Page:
“When I had a stress fracture in 2015, I had pain but didn’t tell anyone. I was bearing that pain and then told my dad that there was pain and we went and took an X-ray and a stress fracture was revealed. It was really bad,” said PV Sindhu during an online session ‘Let the Bird Fly! Moving on with Badminton,’ which was hosted by India international Ameeta Singh.


“It took almost eight months and I didn’t play for six. The 2016 Olympics qualification was there and I was almost depressed. I played almost 22 tournaments after the injury and got selected for Rio. It was not a small injury. Even though I was injured I was doing my upper body exercise. I believed that I can do it and I have done it.”


“What people do not understand is reaching the final is also an achievement. You don’t go and directly play the final. You have to play many matches. I lost almost seven finals and people started asking if I have final phobia.”


“But, they need to understand I can’t win all the tournaments. I always wanted to win, but there is always a next time. I used to think it’s a new match I need to give my best every time; it’s a different type of game. Every time it was a different strategy since there are 7-8 players in the circuit and we know each other’s game


“Once I step onto the court, my only focus is to win the match. But, with time I have realized sometimes even giving 100% on the court will not win you matches. You just have to move on because as an athlete you know that you have given your best.”



Virat Kohli


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Even one of the most decorated cricketers of all time struggles with his mental health and often has discussed anxiety and depression in his life.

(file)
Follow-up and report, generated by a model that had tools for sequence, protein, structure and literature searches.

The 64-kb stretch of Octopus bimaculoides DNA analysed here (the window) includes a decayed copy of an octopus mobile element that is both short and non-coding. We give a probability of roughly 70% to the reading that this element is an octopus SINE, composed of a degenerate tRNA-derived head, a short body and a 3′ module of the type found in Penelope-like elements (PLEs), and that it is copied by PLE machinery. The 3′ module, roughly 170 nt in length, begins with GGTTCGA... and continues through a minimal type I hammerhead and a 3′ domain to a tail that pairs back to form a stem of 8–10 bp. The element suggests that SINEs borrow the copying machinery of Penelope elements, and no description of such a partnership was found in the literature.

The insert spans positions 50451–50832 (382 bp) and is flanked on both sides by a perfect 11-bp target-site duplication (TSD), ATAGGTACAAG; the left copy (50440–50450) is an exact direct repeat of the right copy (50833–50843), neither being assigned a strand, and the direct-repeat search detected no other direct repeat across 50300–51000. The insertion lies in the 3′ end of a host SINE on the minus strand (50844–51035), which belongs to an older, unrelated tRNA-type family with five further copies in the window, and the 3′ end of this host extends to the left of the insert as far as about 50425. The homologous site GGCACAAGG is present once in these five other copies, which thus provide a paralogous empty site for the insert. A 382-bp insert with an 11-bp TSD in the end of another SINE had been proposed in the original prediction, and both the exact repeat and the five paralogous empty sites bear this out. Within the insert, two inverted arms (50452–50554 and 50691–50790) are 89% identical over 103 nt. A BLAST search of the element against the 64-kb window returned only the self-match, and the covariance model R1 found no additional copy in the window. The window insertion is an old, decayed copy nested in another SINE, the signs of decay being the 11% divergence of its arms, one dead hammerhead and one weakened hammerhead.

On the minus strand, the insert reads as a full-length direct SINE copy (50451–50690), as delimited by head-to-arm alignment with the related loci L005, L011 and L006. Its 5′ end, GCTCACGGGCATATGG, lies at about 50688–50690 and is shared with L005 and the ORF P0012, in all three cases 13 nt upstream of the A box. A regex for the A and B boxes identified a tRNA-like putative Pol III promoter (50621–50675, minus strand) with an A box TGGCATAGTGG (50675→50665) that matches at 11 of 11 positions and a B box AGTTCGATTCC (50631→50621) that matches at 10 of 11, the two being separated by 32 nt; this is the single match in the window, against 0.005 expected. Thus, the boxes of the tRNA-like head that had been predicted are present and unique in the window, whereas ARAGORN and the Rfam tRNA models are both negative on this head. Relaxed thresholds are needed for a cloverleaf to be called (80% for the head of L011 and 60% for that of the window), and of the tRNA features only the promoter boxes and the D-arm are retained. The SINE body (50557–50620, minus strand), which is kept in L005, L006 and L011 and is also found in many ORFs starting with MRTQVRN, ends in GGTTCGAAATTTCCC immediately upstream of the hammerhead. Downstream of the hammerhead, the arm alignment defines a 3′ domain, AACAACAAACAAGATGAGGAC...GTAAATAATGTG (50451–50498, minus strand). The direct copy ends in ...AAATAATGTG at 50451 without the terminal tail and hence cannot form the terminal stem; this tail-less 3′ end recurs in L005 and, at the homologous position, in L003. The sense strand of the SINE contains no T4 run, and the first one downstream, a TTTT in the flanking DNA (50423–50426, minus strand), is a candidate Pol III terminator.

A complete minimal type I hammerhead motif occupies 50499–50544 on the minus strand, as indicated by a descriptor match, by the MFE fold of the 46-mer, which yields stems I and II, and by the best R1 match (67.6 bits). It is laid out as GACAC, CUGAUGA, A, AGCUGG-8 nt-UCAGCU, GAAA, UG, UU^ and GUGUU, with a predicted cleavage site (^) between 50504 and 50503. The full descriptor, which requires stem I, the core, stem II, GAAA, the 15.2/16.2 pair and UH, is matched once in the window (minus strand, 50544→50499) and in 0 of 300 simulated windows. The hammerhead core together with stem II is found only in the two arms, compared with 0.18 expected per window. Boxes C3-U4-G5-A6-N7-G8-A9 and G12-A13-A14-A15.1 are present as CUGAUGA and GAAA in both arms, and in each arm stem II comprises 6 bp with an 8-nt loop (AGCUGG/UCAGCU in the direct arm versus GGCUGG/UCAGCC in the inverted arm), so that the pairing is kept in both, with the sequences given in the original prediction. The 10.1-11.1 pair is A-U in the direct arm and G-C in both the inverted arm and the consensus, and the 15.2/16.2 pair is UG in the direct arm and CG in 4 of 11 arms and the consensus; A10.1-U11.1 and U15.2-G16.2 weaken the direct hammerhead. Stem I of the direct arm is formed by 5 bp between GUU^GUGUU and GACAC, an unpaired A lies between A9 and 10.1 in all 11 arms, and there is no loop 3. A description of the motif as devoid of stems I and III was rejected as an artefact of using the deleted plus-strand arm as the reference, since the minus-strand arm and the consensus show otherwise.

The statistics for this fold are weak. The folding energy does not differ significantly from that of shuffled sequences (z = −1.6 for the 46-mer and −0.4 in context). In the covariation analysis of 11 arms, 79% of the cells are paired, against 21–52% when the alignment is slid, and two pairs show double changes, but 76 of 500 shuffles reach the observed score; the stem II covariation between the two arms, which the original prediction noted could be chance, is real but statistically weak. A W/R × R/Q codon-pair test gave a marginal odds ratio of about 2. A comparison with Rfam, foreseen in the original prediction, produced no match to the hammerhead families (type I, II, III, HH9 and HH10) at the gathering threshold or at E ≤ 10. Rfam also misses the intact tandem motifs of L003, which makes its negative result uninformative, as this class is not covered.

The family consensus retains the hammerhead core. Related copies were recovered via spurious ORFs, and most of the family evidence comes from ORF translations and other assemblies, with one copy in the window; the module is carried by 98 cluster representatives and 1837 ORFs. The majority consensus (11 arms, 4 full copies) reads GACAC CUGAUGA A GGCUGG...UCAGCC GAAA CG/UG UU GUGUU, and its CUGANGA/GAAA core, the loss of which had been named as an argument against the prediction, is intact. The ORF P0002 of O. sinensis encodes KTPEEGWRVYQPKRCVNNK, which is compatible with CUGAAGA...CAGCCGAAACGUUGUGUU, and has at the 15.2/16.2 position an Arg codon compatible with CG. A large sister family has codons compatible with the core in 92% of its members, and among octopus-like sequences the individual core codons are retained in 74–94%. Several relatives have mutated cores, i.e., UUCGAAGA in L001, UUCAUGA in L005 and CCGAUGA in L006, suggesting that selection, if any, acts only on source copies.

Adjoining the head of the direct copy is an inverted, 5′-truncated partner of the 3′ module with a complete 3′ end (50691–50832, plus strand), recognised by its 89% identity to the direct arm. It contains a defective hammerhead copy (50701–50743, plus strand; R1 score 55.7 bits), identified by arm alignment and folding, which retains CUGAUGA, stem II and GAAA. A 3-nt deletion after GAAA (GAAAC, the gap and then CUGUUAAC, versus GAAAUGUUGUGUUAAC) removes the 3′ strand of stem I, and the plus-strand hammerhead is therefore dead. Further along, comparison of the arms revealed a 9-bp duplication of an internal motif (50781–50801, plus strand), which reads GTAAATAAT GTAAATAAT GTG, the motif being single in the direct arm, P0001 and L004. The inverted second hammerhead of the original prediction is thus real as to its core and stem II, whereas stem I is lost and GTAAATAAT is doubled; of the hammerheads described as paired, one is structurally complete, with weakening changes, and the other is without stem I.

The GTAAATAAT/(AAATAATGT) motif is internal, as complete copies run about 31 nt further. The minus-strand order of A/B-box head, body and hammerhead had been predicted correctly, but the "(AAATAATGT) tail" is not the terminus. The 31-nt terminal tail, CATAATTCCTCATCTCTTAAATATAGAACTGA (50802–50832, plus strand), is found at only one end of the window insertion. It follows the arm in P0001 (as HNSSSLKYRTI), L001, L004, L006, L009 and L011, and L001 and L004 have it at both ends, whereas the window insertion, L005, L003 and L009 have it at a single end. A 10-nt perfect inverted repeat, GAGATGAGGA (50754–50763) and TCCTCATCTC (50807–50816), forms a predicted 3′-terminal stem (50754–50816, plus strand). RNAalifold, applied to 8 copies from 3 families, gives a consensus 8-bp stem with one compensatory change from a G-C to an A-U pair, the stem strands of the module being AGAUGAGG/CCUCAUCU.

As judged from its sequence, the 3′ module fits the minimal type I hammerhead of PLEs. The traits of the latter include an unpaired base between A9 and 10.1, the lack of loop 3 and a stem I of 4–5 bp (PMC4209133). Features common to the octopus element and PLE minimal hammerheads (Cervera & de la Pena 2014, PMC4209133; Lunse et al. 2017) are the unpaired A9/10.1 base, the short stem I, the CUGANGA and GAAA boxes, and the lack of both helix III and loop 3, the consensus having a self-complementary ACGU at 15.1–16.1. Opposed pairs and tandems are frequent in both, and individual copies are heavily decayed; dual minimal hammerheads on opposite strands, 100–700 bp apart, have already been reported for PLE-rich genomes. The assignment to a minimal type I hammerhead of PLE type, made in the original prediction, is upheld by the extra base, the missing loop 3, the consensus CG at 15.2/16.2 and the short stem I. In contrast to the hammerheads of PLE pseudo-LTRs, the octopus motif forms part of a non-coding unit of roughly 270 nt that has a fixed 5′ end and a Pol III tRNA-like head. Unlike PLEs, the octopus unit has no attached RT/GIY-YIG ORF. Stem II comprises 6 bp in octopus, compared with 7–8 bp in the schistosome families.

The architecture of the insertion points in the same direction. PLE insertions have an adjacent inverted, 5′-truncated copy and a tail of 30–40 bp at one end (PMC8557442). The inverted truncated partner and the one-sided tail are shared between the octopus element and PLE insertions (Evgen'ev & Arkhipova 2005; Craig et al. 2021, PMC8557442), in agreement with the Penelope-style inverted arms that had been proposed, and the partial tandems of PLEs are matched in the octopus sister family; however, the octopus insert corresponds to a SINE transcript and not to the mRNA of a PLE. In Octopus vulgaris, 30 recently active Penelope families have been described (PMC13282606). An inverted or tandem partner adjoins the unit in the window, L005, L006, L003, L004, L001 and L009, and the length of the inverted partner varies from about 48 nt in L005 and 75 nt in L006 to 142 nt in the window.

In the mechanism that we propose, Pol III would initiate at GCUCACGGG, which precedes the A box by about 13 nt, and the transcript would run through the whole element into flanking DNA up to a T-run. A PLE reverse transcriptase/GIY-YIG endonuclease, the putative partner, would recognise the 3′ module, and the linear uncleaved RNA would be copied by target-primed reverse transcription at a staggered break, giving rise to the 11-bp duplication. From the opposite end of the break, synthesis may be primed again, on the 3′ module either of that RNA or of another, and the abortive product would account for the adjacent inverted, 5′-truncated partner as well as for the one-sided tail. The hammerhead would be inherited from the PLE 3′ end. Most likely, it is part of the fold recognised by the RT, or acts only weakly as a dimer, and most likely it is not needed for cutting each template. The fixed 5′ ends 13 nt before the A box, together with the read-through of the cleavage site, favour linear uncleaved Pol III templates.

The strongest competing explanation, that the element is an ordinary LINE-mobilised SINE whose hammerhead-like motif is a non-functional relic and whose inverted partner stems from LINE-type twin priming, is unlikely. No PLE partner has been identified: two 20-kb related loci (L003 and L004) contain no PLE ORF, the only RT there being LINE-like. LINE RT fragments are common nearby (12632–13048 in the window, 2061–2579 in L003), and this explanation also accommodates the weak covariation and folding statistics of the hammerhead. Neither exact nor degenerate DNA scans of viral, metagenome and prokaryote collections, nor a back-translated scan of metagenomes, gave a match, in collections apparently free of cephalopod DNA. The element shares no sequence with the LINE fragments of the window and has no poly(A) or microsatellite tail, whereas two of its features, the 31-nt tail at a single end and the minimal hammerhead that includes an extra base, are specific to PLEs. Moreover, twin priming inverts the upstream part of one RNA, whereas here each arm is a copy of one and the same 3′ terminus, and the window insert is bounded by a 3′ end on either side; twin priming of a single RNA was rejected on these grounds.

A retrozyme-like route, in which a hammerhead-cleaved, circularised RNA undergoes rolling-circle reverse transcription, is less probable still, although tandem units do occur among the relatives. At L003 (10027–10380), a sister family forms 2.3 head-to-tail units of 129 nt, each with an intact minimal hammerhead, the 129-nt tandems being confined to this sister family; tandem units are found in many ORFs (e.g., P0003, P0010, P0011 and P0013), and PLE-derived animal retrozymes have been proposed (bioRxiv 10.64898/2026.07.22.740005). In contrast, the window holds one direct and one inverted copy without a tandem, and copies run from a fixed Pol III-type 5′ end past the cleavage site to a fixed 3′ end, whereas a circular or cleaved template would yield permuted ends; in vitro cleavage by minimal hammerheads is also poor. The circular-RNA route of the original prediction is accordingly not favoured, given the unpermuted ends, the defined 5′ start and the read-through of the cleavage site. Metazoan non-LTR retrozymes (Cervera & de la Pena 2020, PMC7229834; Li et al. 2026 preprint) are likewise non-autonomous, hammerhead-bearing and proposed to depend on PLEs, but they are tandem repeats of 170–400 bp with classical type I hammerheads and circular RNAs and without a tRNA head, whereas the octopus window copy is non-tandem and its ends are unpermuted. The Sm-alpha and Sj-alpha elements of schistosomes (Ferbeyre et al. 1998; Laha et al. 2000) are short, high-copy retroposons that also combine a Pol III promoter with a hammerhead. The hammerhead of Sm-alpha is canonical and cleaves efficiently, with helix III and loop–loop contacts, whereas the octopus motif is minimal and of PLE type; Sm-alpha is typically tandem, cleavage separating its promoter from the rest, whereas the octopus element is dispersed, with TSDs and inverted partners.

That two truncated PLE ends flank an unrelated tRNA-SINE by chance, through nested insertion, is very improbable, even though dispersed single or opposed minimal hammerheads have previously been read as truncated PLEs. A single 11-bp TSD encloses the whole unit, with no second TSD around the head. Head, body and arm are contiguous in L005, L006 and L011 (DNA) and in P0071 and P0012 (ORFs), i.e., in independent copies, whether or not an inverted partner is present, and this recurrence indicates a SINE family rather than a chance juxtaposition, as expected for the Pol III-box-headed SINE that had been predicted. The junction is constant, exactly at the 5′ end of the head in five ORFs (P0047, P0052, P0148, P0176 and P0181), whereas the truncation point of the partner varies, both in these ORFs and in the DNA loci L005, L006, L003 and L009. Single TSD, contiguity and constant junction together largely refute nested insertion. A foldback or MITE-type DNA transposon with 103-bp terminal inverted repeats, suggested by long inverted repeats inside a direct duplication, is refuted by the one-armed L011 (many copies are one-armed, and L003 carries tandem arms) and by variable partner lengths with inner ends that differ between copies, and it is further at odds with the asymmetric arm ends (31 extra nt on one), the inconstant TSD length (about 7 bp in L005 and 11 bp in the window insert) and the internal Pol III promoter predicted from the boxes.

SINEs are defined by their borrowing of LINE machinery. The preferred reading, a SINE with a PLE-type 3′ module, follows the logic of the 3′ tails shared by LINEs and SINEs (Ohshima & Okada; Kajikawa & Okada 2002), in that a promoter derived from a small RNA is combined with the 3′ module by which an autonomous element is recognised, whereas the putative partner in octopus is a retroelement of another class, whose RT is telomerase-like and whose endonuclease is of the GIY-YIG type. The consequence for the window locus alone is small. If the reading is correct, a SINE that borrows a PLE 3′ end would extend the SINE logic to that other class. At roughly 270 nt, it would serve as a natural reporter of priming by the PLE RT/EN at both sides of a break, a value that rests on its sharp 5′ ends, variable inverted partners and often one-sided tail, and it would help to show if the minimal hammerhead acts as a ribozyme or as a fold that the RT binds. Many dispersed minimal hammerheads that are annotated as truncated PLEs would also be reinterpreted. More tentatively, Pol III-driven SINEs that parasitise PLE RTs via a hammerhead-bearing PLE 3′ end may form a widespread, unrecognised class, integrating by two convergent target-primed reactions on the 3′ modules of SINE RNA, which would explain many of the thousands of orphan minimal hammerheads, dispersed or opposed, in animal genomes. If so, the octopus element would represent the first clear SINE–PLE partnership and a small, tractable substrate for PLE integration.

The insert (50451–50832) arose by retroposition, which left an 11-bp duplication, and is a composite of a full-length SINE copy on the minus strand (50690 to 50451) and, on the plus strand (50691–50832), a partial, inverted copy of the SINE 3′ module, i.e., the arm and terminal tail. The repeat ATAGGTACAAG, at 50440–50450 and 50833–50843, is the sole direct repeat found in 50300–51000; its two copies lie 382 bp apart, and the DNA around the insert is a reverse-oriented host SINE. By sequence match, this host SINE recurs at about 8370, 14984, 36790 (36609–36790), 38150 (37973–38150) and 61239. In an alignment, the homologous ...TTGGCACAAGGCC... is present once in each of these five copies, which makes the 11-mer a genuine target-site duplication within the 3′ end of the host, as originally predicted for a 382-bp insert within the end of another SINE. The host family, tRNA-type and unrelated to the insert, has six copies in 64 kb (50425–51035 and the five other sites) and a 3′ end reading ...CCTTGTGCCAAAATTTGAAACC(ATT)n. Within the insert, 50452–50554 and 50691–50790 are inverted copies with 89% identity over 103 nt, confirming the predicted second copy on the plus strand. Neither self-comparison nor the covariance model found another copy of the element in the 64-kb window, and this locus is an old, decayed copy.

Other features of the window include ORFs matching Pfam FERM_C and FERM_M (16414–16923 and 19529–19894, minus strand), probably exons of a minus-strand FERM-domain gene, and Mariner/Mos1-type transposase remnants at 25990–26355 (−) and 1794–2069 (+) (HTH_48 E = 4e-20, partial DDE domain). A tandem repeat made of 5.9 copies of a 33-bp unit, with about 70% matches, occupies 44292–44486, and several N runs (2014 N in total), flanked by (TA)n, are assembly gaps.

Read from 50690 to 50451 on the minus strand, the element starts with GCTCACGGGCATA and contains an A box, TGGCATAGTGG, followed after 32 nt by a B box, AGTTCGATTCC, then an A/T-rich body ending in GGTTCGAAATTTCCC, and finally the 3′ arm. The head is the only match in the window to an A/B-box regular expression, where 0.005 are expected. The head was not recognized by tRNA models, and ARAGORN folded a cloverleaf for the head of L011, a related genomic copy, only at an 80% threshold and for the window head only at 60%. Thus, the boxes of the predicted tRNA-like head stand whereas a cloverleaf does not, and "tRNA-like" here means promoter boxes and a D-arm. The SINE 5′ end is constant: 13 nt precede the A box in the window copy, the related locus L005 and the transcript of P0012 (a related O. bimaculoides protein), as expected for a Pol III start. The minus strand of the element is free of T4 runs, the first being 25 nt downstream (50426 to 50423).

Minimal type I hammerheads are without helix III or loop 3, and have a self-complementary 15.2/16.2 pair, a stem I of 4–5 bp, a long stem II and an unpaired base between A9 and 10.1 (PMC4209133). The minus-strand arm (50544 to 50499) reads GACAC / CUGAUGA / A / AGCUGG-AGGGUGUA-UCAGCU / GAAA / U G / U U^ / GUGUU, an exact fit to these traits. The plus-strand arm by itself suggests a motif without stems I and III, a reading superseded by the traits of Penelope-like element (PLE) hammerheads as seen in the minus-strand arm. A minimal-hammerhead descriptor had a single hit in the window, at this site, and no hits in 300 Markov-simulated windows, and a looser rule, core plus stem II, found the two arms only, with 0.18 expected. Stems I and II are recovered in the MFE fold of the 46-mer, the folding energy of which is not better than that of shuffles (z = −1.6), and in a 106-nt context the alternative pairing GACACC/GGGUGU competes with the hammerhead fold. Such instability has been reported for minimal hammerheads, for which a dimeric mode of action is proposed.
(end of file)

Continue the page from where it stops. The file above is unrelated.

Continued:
Using his own mental troubles on the 2014 England tour as an example, he has spoken of a "strong need" for professional help in Indian cricket.


"The kind of structure we're competing inside, for a long period of time it's difficult for players to stay motivated and find the right kind of mental space in one area and just do this stuff day in and day out, and then dealing with high-pressure situations," Kohli said.


“So, this will definitely become a norm of the future, where apart from the workloads, the mental health side of things will also come into the picture big time.”


"You don't have an outlet at all in today's day and age. You're literally going to the ground and coming back to the room, and you don't have a space where you can just disconnect from the game and go out for a walk or a meal and a coffee and say, 'Let me refresh myself. Let me just get away from the game a little bit.' I think this is a huge factor, which should not be neglected. Because as much hard work as we've done to create this team, you don't want players falling out because of mental pressures and not having the capacity or space to express themselves."


Kohli remembered feeling alone despite the fact that there were supportive people in his life. He said professional help was what he needed.


"Personally, for me, that was a revelation that you could feel that lonely even though you a part of a big group. I won't say I didn't have people who I could speak to but not having a professional to speak to who could understand what I am going through completely, I think is a huge factor.